Creating a Writer’s Life: SNHU Talks with Krysha Thayer

by Pamme Boutselis

KTOneKrysha Thayer has been a freelance writer since 2007, writing about technology, pets, health and the art of writing itself. She is also an online student with Southern New Hampshire University, pursuing a bachelor’s degree in creative writing with a focus in fiction, and is currently working on a memoir detailing her experience with Bipolar Disorder. We recently caught up with Krysha to learn more about her experience in kickstarting a writing career and overcoming obstacles in her writing.

Have you always written?
I was making up new endings for the stories my parents and grandparents would read to me before I could even read the words. When I learned how to write, it was only natural for me to write down the stories that I created with my active imagination. By the time I was in high school, I was writing poetry and the beginnings of novels, sharing them with my family and friends.

You’re a freelance writer as well as a creative writing student. Your work varies from course assignments that include short stories and poetry to professional assignments such as articles and web content. Is there a particular type of writing that most interests you and if so, why?
I love to write about writing. I have a blog about freelance writing where I talk about the process, how you can get started, and how you can get better. I also love sharing my personal writing process in my author’s blog.

Can you tell us how your experience with Bipolar Disorder influenced you to begin writing your memoir?
At first I didn’t want to share my experiences with Bipolar Disorder. There are already so many books out there about it whether you want to read something written by a doctor or from a more personal standpoint, you know? But as I read more of these books I began to learn more about how my own experience was unique and that there was college students who were struggling with mental illness just like I was who needed to know that it was worth fighting for.

There was a student in one of my classes who was older than I. She had a daughter about my age who was Bipolar who couldn’t live on her own much less go to school. I want to inspire the people who can, to go to school and get an education, even if it’s tough and you have hurdles in your way (whether they be mental illness, physical handicaps, or something else).

Many new writers struggle to find that initial work as a freelancer. How were you able to create your professional network as a writer so that you were able to start getting freelance work?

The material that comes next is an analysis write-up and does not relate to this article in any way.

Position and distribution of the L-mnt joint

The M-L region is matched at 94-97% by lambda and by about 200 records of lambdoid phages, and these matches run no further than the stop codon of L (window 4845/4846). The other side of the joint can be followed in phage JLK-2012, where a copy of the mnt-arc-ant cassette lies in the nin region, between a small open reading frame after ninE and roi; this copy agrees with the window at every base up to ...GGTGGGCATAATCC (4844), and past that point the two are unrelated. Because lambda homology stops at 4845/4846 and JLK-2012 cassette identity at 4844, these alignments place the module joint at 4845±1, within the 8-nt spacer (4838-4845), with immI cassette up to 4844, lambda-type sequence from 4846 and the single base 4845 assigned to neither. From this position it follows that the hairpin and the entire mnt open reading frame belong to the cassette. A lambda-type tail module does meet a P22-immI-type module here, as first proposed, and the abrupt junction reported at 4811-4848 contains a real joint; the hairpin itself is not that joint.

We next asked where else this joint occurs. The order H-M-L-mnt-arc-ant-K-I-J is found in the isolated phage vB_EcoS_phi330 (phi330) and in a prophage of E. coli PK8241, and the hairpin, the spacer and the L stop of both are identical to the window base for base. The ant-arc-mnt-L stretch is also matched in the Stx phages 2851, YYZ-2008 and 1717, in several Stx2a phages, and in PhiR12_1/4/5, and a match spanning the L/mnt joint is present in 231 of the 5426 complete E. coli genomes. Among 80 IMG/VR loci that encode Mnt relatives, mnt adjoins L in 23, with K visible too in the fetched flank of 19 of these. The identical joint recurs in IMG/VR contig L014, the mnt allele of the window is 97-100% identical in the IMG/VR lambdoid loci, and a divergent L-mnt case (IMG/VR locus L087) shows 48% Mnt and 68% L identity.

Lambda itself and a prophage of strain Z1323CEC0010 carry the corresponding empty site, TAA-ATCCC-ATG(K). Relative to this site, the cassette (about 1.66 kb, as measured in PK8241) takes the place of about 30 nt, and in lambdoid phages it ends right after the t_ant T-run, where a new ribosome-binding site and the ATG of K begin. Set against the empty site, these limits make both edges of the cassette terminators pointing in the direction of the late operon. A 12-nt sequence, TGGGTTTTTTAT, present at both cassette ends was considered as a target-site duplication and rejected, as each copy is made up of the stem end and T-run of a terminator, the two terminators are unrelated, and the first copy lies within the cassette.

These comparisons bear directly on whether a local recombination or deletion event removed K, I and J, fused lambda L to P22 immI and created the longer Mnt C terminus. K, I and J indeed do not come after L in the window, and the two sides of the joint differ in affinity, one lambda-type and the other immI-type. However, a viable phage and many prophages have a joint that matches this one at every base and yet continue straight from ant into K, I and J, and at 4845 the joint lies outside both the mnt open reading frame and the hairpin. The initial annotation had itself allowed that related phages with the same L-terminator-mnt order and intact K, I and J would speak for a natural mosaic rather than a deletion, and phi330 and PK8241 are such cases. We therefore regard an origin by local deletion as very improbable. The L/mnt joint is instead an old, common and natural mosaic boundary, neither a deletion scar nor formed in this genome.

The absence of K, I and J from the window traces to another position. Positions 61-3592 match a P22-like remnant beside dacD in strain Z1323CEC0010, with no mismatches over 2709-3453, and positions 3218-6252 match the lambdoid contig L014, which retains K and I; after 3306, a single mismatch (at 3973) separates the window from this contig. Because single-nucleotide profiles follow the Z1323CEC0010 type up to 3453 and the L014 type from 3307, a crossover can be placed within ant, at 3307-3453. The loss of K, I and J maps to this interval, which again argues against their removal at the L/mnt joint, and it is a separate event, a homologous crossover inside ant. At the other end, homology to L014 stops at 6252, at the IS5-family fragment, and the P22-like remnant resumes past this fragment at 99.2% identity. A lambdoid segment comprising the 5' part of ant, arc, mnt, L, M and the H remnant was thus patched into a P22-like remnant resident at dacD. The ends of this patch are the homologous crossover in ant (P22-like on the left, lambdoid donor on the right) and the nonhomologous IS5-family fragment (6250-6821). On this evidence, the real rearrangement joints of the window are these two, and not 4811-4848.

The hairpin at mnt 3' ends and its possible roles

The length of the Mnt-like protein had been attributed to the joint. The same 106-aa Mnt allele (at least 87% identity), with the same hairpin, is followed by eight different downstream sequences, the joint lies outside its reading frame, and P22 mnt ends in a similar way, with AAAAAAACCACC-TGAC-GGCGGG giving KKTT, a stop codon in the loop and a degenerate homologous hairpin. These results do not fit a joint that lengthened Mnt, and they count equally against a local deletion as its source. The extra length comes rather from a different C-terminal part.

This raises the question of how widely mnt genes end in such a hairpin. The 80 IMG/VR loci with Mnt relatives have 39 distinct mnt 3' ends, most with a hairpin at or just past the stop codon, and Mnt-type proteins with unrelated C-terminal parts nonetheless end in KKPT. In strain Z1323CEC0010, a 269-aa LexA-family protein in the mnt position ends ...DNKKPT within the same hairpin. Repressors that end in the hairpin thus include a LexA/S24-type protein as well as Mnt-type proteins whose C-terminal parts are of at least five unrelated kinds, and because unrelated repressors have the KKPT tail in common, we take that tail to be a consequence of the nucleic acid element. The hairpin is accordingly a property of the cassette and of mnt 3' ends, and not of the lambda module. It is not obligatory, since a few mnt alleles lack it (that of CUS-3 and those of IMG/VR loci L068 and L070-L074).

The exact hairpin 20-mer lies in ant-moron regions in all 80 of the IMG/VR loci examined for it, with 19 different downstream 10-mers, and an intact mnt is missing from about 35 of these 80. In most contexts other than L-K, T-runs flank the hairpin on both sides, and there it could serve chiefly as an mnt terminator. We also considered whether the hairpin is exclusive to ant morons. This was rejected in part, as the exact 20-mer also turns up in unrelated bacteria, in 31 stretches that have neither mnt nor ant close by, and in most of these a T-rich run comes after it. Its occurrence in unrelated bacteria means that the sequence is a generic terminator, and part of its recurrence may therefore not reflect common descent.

I started on two popular freelance writing sites, Elance and Guru. I built up my portfolios with samples I spent hours pruning until they were perfect so that clients would see them when I submitted proposals on their writing jobs. Once I was on those two sites, I built a profile on LinkedIn and networked with other freelancers who worked through them. When my network grew, I noticed that I was getting connection requests from clients who knew me from my Elance or Guru profile and wanted to see more of my work. Now I get work from many places but most of it still comes from Elance and Guru.

What’s the best advice you’ve been given with regard to writing?
It came from my grandmother when I was 16 and had handed her an unfinished story I wanted her to read. She read it and only had one thing to say, “Just finish it.” I never got to finish that story before she passed away, but whenever I sit down to start a new story I hear her advice. And the story is never done until I’m happy with it, according to her, so that means a lot of editing.

What challenges you most as a writer, and what do you do to overcome those challenges?
I have a problem keeping my butt in the chair, to be honest. Whenever it’s time to write or edit, I always find that something needs to get done around the house or in my office. If the story is giving me an especially rough time, my office is usually spotless by the time I get my butt back to my computer to continue writing! But I’ve found that if I set small goals of writing for fifteen minutes at a time, or maybe even a half hour, then I can handle it much easier. Then, my butt can wander for a while and not feel guilty about it.

What are your ultimate writing goals?
I have two goals. One is to be a successful romance author. I’ve always wanted to be a romance author ever since I read my first Nora Roberts book. But I also want to be a memoirist, writing stories about life whether funny or sad. I’m sure my Bipolar Disorder will play a large part in my memoirs, not only the one I’m writing specifically about how it played a part in my education. I love to blog and my blogs will be the center attraction for my romance books and memoirs. I’ve already set up these blogs, now I just need the posts to fill them up!